-Bruno Verdi OP Rosso Riserva Cavariola DOC 2009
-Bruno Verdi OP Buttafuoco DOC 2013
-Bruno Verdi OP Metodo Classico 70PN/30Ch
-Azienda Agricola Montelio Comprino 2011
-Azienda Agricola Montelio Oltrepo' Pavese Rosso DOC 2011
-Azienda Agricola Montelio Oltrepo' Pavese Rosso Riserva 2009
-Gravanago di GoggiP. Pinot Nero Big Black 2011
-Gravanago di GoggiP. Moscato blue bottle 2013 4.5%
-Calatroni vini Pinot Nero 2012
-Calatroni vini Rosso OPDOC Perorossino 2010 7 grape blend
 
*** GOOD -- Three Stars (85 – 87 in Quality/Price Rating terms):
-Tenuta Fornace Soc. Agr. Pinot Grigio 2013
-Az. Agr. Ca di Frara Pinot Grigio 2013
-Gravanago di GoggiP. Bonarda DOC 2013
-Calatroni vini Pinot Grigio DOC Unico Rose
-Azienda Agricola Quaquarini Pinot Nero V/R Blau DOC 2010
-Azienda Agricola Quaquarini Barbera Poggio Anna DOC 2011
 
The Food: cheeses, breads, biscuits, veggies, dips.
The Downside: it was lightly attended
The Upside: a good chance to explore a region I had  not tasted much of
The Contact Person: Giorgio Tinelli tinelli@italchambers.ca
The Event's Marketing Effectiveness and Execution (numerical grade): 88.
 
Chimo! www.deantudor.com

Wednesday, August 6, 2014

FRENCH FOOD COOKBOOKS STILL POPULAR!!!

THE FRENCH COOK: souffles (Gibbs Smith, 2014, 128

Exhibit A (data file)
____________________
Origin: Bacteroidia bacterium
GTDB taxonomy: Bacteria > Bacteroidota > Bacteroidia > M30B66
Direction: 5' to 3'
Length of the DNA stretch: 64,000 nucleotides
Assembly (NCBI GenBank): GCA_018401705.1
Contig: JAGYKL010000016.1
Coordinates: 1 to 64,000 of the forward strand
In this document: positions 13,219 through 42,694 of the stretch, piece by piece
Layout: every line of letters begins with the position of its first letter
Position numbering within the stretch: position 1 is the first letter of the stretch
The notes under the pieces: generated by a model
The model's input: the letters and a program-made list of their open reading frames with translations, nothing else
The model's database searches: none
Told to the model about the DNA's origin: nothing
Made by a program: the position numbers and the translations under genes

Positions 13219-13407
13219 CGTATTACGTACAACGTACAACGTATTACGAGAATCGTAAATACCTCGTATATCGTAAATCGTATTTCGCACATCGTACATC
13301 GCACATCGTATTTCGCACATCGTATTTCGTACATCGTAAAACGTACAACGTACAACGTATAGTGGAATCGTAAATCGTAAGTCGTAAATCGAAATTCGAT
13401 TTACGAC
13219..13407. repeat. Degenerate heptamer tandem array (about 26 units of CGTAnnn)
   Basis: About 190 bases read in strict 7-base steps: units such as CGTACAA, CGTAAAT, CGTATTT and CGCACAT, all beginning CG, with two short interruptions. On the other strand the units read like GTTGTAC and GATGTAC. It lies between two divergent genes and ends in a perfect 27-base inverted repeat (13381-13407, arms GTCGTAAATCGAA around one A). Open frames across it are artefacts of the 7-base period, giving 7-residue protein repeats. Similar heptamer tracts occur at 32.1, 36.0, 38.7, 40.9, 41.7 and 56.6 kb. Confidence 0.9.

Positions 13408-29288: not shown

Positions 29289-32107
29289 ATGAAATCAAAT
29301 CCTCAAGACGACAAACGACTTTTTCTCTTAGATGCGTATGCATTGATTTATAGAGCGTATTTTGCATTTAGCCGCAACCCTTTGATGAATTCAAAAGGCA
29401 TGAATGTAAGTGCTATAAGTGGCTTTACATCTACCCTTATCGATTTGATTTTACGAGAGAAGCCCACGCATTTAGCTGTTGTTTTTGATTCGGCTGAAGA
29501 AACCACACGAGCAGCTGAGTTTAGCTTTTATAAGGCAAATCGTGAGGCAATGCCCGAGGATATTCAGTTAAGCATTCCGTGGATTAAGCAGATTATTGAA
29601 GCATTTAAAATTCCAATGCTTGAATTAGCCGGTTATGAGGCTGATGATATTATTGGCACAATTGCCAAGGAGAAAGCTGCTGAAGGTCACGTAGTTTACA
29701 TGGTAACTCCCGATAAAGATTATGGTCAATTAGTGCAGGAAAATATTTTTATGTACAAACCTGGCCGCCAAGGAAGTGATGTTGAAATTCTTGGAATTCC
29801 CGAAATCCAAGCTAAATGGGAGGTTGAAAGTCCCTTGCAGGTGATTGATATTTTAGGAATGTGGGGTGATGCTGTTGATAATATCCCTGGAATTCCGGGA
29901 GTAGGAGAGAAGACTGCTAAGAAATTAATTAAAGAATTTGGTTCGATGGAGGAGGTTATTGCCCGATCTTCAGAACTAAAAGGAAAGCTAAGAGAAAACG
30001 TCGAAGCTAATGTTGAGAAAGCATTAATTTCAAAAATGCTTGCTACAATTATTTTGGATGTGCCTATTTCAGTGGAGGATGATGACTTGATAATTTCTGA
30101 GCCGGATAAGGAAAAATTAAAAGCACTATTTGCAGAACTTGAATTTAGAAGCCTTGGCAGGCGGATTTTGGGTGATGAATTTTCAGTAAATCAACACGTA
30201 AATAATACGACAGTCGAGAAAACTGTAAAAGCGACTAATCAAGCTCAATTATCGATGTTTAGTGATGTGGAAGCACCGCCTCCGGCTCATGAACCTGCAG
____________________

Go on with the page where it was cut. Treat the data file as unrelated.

pages, ISBN 978-1-4236-3612-0, $21.99 US hard covers) is by Greg Patent, a Bear Award winning author for 2002, a blogger, and radio host. This is the third in a new series on French cuisine, here dealing with the basics of souffles: mainly how to beat eggs and how to create the sauces. There are photos and step-by-step techniques. The basic souffles are here (hot, cold, sweet, savoury, molded, unmolded) plus more and some variations are noted. The book is set up as a primer for beginners. Preparations have their ingredients listed in avoirdupois measurements, but there is a table of metric equivalents.
Audience and level of use: beginner
Some interesting or unusual recipes/facts: leek and pancetta souffle; fennel and salmon; chocolate; vanilla; fresh fruit; almond and praline.
Quality/Price Rating: 88.
 
 
27.BUVETTE; the pleasure of good food (Grand Central Life & Style, 2014, 286 pages, ISBN 978-1-4555-2552-2, $30 US hard covers) is by Jody Williams, chef and owner of Buvette, a top restaurant in NYC. She recently opened a second Buvette in Paris. With some log rolling headed by Alice Waters and Mario Batali, the book is a pretty good account of a restaurant's life in the world of French and Italian bistro cooking. She makes and serves the classic dishes in a book arranged by time of day (mornings, afternoons, aperitifs, evening, sweets). There is a chapter on beverages that deals with cocktails and covers some French wine regions, but otherwise there are no wine recommendations for the courses. Her chapter on larders discusses crème fraiche, vinaigrette, herbes de provence, pistou, pickles, rouille, and about a dozen more. Try oxtail marmalade, leeks in vinaigrette, salmon rillettes, pate de campagne, duck confit, or almond toffee. Preparations have their ingredients listed in avoirdupois measurements, but there is no table of metric equivalents. Quality/price rating: 87.